Tristan Nitot about his surveillance:// book

Surveillance, Tristan Nitot's book

— Why did you write a book called surveillance:// ?

— I discovered computing when I was 14 years old in 1980, and I was fascinated, to the point I wanted to make it my career. Personal computing was first, then came computer networks, then the Internet. I could envision how this would change the world for the better. I worked for Netscape, in the 1990’s, then launched Mozilla Europe, the non-profit that brought the Firefox Web browser. But over time, I realized that not everything that came with the digital revolution was 100% positive: most people struggle with new digital tools and because of that lack the time and training to reflect on the limits of the technologies. The only information they get is from the application itself and the marketing messages from the company. In both cases, there is no place for critical thinking.

My book’s goal is to explain what really happens with the digital revolution, with smartphones with SaaS aka Cloud computing. It’s not about just pointing problems, but also offering solutions, otherwise users — who already are struggling with all these tools — will consider that they have no choice other than accepting to be under surveillance and having their personal data used against them.

— You wrote the book in an unusual way: publishing every chapter on your blog right it was written, using feedback from your readers. What did it change for you?

— For a long while, I did not feel like I would be able to write a book, until I discussed this with 2 journalist friends, who encouraged me. I’ve been blogging for years now, since 2003, so writing posts was familiar territory for me, but I don’t know how to write a book. I used the feedback from blog readers to motivate me by seeing there is an interest in the topic, and by making sure that what I wrote made sense. I wanted the book to be accessible to a wide audience, so getting feedback on what is interesting, which example to use in order to make a point, was very useful. Without my readers, this book project would not have made it to paper!

— Let’s see how’s structured the book. Here is the first question: is it so bad to lose control of our hardware, software and data?

— In the first part of the book, I explain how data is collected, by who (companies and states), and why it’s a major issue for our liberties and democracy as a whole. We need to remember of Richard Stallman’s utopia back in 1984, which was having free software (or open source if you prefer) that was running on a personal computer so that we knew what was done with our data. But over time, things have changed a lot, including the fact that smartphones became popular. On smartphones, most software is proprietary and we have no control over it. On top of this, the smartphone is a computer that we carry all the time with us and has many sensors, including microphones, cameras, a GPS. It captures a lot more data than a PC. It is also connected to the Internet most of the time and sends data there. In short, a smartphone is a fantastic spying device that we voluntarily pay for every other year with our own money.

The other thing is the concept of Software as a Service (aka Cloud) where someone else’s computer running software that we can’t control, has our data. It’s a convenient model in many cases, but it makes surveillance a lot easier. Things are made worse when it’s combined with targeted advertising, where services are economically encouraged to collect more data and profile users in order to make more money. Free commercial services are actually a very bad trade-off: we trade personal data against inexpensive service. All of this is getting worse as new types of products are being launched such as advertising beacons, quantified-self wristbands, and the Internet of Things. Data collection and surveillance are indeed on the rise.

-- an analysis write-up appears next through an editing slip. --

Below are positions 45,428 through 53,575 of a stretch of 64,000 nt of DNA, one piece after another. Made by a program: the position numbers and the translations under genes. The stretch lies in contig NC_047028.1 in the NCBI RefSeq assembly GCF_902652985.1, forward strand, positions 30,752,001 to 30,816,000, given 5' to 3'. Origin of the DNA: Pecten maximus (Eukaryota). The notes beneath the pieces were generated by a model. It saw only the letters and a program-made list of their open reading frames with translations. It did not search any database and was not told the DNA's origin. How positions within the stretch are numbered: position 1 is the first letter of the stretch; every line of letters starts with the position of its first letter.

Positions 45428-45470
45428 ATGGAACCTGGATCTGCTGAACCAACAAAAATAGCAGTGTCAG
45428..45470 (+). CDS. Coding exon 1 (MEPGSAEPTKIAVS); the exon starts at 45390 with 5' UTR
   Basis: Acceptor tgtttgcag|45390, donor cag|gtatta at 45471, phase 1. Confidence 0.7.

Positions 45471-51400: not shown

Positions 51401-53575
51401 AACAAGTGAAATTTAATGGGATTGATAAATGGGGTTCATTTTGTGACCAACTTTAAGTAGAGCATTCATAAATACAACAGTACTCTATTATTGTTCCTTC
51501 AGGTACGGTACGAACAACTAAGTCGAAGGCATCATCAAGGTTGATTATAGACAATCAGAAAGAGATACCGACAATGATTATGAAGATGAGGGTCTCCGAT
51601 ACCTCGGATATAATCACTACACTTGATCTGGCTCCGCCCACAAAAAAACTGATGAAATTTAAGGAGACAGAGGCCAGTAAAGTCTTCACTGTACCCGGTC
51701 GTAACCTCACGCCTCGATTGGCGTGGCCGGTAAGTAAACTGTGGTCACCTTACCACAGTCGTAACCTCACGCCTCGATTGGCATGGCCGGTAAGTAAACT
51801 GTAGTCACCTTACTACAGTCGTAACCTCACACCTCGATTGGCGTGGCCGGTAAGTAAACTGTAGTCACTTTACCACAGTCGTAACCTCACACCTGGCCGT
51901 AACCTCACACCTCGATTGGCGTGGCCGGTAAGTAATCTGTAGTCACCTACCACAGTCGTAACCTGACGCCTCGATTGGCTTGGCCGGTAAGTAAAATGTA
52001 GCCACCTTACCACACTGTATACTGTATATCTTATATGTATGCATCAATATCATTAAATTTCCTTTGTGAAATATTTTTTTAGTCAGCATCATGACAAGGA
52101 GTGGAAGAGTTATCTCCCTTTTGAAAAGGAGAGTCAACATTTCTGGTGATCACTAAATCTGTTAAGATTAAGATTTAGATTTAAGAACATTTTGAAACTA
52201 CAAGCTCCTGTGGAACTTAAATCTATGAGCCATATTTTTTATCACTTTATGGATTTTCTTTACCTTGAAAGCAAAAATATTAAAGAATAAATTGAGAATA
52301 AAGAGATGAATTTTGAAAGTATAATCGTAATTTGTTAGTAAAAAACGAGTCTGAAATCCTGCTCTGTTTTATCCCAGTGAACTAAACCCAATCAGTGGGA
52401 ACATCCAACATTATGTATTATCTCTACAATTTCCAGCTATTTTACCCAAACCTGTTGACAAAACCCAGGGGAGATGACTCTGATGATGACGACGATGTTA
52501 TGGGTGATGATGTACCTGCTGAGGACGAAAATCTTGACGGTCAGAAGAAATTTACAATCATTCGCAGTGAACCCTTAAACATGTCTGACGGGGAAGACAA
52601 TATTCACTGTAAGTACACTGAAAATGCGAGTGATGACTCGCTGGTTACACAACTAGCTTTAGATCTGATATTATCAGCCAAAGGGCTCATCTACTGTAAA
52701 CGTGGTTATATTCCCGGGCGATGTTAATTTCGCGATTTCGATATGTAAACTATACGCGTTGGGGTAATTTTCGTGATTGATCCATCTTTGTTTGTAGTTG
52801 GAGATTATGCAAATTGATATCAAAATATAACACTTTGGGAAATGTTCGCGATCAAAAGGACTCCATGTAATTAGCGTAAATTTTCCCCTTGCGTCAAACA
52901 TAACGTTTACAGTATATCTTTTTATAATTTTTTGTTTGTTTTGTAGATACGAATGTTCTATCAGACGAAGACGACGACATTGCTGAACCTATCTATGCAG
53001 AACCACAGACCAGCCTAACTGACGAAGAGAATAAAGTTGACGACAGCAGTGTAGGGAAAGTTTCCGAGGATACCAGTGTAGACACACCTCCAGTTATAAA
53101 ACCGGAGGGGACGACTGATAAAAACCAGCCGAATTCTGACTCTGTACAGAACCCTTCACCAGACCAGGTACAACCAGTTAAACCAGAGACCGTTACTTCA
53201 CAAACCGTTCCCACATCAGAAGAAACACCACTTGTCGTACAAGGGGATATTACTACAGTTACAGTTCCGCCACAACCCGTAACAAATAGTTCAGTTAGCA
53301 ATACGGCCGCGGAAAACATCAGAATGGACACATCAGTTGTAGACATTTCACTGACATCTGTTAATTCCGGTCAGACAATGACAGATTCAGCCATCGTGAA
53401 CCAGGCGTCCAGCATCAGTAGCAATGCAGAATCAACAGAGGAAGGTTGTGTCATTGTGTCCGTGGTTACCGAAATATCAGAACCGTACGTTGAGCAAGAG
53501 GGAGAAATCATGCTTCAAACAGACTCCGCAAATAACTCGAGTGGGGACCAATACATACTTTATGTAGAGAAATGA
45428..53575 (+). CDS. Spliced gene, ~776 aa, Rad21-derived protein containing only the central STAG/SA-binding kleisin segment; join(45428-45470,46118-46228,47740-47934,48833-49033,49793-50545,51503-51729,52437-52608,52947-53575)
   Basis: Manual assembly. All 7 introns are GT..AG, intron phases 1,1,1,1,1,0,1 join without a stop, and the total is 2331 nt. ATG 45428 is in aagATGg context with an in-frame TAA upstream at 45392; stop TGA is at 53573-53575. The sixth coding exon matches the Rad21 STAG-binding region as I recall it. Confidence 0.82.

**— Now that we know all of this, how can we take back control? **

— In the third part of the book, I explain the notion of “SIRCUS” (that’s an acronym in French for “Computer Systems that empower Users”), which is something that technologists can work on in order to create a new generation of products that are serving better the interests of end users. It’s based on 7 principles:

1 - use Free/open source software because it can be audited to understand what it actually does 2 - Have control over the hardware (e.g. decentralize things, ideally in a self-hosted way if you can). 3 - Encrypt communications, otherwise data will leak. 4 - Avoid anything that is relying on the targeted advertising business model 5 - Offer a great User eXperience 6 - Leverage standards to offer interoperability with other systems 7 - Offer a killer feature that centralized / proprietary systems can’t match. This way, we have a compelling reason to switch to the SIRCUS model other than just avoiding surveillance, which is often not compelling enough.

These are the main principles that enable us to build a new kind of digital tools. This is exactly what we’re trying to do here at Cozy Cloud: build a SIRCUS-based product. Our killer feature is empowering people with their personal data, coming from various sources thanks to connectors.

— Is there anything we can do at a personal level?

— I have noticed that when it comes to surveillance, people feel helpless, overwhelmed by the complexity of the tools. One should not accept this as there are so many easy things that we can do. It’s something I describe in Part IV of the book. All the tips I describe demonstrate that one does not need to feel helpless. We can act, we can do something. This will not make the reader a complete expert on the topic, but at least he will resist better to surveillance, which is a great start!